Study finds stronger correlation between heat, humidity and suicide among women and youth

Credit: Unsplash/CC0 Public Domain

For a number of years now empirical evidence has suggested that the effects of human-caused climate change, and heat in particular, could have a significant impact on mental health. For example, previous links between heatwaves and temperature increase and suicide have been made in countries such as Australia, the US, Mexico, India, Finland as well as England and Wales.

However, new research investigating the relationship between and heat on a global level has found that temperature alone may not be enough to understand the risks posed by a rapidly changing climate but that humidity also must be considered.

The new study, published today in Scientific Reports, conducted by an international team of academics, has found some startling key findings that could have much wider implications if the planet continues in the same climate trajectory.

The study, which analyzed data from 60 countries between 1979 and 2016, investigated the potential correlation between fatal intentional self-harm (suicide), heatwaves and humidity.

It looked at data from organizations such as the World Health Organization (WHO), the European Center for Medium-Range Weather Forecasts (ECMWF), and the UK's Met. Office Hadley Center to study incidences of heatwaves, compared to population and recorded incidents of suicide.

The investigation found a significant correlation between periods of intense humidity and the prevalence of suicide—whilst also finding an increased risk of fatal intentional self-harm in relation to humidity than that of heatwaves.

Additionally, the research also found that both younger age groups and women seemed to be more significantly affected by incidents of fatal self-harm with changes in both humidity and heatwaves, in comparison with the rest of the population, raising questions as to the unequal socio-economic impact of rising temperatures going forward.

The conceptualisation of the study was directed by Dr. Sonja Ayeb Karlsson, from the University of Sussex and United Nations University's Institute for Environment and Human Security in Bonn, Germany, co-author and -lead of The Lancet Countdown initiative tracking the connections between climate change and public health which new 2021 study warns about how we have reached 'code red for a healthy future."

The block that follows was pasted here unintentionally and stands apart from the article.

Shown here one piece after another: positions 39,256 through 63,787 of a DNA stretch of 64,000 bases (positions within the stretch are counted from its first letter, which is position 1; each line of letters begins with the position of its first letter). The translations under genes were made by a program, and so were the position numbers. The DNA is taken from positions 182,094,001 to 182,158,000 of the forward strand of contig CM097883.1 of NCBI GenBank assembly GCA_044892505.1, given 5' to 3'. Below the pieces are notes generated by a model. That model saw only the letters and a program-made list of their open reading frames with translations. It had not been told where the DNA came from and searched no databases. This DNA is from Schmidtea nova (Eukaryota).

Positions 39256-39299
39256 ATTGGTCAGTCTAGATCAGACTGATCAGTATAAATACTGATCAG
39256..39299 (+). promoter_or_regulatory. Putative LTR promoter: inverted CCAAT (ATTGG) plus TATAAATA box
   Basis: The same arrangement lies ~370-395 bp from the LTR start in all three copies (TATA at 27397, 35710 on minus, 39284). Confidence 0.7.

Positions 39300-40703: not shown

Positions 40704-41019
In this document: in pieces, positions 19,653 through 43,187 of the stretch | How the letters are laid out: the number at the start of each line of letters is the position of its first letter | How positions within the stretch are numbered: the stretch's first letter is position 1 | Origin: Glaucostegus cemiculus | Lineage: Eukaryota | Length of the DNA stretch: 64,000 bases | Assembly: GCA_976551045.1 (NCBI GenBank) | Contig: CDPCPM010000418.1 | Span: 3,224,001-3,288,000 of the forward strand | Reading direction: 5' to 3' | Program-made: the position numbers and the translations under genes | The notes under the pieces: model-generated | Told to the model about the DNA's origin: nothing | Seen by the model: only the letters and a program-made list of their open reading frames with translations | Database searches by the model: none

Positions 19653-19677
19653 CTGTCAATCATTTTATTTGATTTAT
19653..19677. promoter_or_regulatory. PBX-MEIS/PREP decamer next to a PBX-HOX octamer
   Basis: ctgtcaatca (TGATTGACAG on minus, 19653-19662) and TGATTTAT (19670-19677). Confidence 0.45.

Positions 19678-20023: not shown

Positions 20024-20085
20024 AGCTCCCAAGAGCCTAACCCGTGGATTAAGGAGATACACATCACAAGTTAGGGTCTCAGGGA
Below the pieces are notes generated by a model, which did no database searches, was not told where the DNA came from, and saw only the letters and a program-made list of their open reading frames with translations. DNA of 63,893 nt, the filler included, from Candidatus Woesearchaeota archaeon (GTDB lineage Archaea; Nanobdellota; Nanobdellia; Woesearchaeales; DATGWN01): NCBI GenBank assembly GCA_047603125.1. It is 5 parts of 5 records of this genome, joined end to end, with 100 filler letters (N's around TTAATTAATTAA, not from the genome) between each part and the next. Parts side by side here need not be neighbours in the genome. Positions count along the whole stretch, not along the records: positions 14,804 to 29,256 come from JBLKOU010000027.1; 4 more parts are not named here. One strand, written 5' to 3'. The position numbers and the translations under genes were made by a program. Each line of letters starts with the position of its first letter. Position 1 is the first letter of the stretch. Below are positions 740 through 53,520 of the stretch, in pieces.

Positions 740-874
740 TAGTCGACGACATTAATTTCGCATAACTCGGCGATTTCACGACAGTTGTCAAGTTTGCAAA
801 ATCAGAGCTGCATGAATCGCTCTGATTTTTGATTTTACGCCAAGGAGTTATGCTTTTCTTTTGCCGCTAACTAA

The suicide, heat and humidity investigation was carried out in collaboration with co-author Fernando Florido Ngu and Prof. Ilan Kelman from University College London and University of Agder, Norway; and Dr. Jonathan Chambers from University of Geneva, Switzerland.

Dr. Sonja Ayeb Karlsson from the University of Sussex and UNU-EHS, who co-authored the journal article, said: "The study found interesting trends related to the increased suicide rates among particularly women and youth in relation to humidity. Women and children are known to be suffering disproportionately from the impacts of climate change and extreme weather events due to social structures and power relations. We need to look further into these relations and the contextual reasons behind this in diverse geographical areas and social groups."

Prof. Ilan Kelman from University College London and University of Agder, Norway said: "This study contributes to preventing suicide by understanding much better possible contributing factors. People suffer so much day-to-day and we hope that our study can contextualize the role of , such as by explaining the importance of alongside heat."

More information: Fernando Florido Ngu et al, Correlating heatwaves and relative humidity with suicide (fatal intentional self-harm), Scientific Reports (2021). DOI: 10.1038/s41598-021-01448-3

Journal information: Scientific Reports
Citation: Study finds stronger correlation between heat, humidity and suicide among women and youth (2021, November 26) retrieved 20 July 2024 from
This document is subject to copyright. Apart from any fair dealing for the purpose of private study or research, no part may be reproduced without the written permission. The content is provided for information purposes only.

Explore further

Violence and mental health are likely to get worse in a warming world


Feedback to editors